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Feds look to hammer Waukegan food-stamp fraudsters

Khaled FatimSaleh who  own Sun Food Market located 1501 Sunset Ave. Waukegan allegedly defrauded federal food stamp nutritiprograms more

Khaled and Fatima Saleh who own Sun Food Market, located at 1501 Sunset Ave. in Waukegan, allegedly defrauded the federal food stamp and nutrition programs of more than $500,000 over the last two years, according to the U.S. Attorney's office. The owners recently altered the store's sign name. | Ryan Pagelow~Sun-Times Media

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Updated: February 5, 2013 2:11AM

CHICAGO — Saying a Waukegan storeowner and his wife used the federal food-stamp program as a “personal ATM machine,” prosecutors are trying to hammer the couple with sentences of at least 2½ years in prison.

Khaled Saleh and his wife Fatima have admitted to stealing more than $844,000 from the program between August 2009 and April 2011. They operated Sunset Food Market, 1501 Sunset Ave.

A sentence of 30 to 37 months in prison could send a message to other thieving storeowners that ripping off the food-stamp program is a bad idea, prosecutors say.

“This case demonstrates that causing even one store to rethink committing fraud could result in more than $844,000 worth of food stamp and WIC benefits being spent on their intended purpose as opposed to being lost to fraud,” Assistant U.S. Attorney Andrew DeVooght said in a memo for the couple’s sentencing Wednesday.

Cook County Sheriff Tom Dart and other public officials have expressed frustration about the rampant fraud in the food-stamp program.

Dart’s office participated in the busts of five other suburban stores last year for similar crimes. But he’s directed his resources toward fighting over types of crime because those investigations didn’t seem to deter other stores from food-stamp scams, a spokesman said.

The problem is taking on greater importance for the federal government because the program’s benefit payments have skyrocketed as the economy stumbled in recent years. More than $71 billion in benefits were paid last year, compared to $34 billion in 2008.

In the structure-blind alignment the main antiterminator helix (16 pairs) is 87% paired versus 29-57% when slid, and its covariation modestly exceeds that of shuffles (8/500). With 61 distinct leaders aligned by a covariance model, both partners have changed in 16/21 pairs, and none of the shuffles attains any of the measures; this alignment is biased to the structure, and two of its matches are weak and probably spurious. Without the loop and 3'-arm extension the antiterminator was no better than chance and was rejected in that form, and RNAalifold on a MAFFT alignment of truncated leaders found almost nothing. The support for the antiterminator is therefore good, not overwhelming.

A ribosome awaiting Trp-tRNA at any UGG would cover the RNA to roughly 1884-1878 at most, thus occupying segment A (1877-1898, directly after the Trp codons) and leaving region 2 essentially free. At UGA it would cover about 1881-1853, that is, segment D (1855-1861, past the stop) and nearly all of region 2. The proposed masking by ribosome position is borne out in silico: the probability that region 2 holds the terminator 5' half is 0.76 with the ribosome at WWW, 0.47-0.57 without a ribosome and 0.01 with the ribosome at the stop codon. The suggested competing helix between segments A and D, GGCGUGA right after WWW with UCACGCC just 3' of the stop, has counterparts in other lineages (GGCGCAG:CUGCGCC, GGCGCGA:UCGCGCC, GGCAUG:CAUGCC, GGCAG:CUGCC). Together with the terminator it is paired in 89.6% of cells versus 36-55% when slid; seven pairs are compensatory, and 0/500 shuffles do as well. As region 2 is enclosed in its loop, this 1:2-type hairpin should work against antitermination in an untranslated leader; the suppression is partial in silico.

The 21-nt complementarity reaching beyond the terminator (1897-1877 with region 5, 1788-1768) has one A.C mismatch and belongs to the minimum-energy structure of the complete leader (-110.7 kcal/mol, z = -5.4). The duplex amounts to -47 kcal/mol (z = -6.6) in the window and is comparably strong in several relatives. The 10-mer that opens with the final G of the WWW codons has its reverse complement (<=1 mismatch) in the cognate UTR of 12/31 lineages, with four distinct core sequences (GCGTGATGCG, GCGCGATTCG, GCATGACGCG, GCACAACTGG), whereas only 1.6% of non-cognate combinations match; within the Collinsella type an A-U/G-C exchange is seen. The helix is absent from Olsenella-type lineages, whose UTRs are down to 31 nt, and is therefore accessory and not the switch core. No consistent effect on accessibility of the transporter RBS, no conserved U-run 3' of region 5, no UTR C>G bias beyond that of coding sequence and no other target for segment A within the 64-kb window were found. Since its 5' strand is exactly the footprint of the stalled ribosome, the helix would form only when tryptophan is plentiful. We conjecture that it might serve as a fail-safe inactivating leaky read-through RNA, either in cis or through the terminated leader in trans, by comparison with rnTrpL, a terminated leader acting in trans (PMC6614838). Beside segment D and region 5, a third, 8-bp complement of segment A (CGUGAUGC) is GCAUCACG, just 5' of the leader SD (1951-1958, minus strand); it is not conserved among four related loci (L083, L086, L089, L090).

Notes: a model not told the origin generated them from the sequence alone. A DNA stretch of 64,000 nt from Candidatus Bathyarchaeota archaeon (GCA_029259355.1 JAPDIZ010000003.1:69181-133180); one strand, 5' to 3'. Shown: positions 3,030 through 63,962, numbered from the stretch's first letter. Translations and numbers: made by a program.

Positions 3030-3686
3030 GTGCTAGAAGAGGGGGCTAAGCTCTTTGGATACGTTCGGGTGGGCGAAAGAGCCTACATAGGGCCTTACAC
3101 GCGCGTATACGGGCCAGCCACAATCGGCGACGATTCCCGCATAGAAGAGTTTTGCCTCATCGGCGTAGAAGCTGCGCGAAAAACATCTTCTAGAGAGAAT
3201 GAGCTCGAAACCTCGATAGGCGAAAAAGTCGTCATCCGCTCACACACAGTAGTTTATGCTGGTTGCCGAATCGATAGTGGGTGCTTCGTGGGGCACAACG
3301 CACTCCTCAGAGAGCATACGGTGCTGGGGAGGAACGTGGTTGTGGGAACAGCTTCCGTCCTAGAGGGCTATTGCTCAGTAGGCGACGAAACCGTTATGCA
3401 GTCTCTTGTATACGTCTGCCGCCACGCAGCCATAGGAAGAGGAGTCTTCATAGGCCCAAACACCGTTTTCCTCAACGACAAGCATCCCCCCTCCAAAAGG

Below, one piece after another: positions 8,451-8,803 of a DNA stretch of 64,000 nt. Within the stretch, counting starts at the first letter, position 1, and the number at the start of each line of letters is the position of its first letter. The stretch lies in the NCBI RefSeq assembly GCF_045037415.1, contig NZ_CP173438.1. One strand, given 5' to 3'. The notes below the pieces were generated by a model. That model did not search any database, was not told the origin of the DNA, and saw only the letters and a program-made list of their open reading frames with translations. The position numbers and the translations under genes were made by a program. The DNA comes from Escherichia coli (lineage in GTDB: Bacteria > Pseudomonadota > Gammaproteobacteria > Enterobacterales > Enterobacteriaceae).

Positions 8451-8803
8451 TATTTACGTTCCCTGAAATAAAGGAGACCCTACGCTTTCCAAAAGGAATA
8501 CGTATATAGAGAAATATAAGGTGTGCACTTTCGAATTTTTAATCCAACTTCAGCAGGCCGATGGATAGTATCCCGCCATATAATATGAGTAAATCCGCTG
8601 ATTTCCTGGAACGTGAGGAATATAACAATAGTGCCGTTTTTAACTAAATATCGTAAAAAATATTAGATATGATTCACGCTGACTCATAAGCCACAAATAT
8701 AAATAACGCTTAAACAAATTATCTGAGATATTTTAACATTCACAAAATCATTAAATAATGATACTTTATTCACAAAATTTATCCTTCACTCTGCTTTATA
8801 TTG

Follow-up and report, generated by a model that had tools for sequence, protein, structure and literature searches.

Thousands of times, the Salehs illegally provided cash to customers who made fake purchases with LINK food-stamp cards and nutrition coupons.

The storeowners typically provided customers with 50 cents for every dollar in redeemed benefits — and kept the rest as illegal profit, prosecutors said.

The Salehs also purchased infant formula and other products from customers who bought the items at other stores with their federal nutrition benefits.

The couple paid half price for the items, then resold them at higher prices, authorities said.

On Sept. 9, 2010, an undercover federal agent visited the store and said to Khaled Saleh: “You know I was going to ask you, when I was in Rockford, I was able to get a couple of dollars cash back.” Saleh asked, “How much do you need?” He then illegally gave the agent $20 in exchange for $41.22 in LINK food stamp benefits, prosecutors said.

After federal agents raided the store last year, they stopped Fatima Saleh outside her home with a suitcase packed with more than $350,000 in cash and more than 800 coupons for the WIC supplemental food program, authorities said.

In addition to the store participating in the federal food-stamp program, Fatima Saleh was personally signed up for food-stamp benefits since 2005, she later told authorities.

In 2010, she received WIC vouchers and as much as $952 a month in Link benefits. As late as May 2012, she was receiving $738 a month in food stamp benefits, authorities said.

Editor’s Note: The food market referenced in the above article has no relationship to the upscale specialty suburban food store chain.

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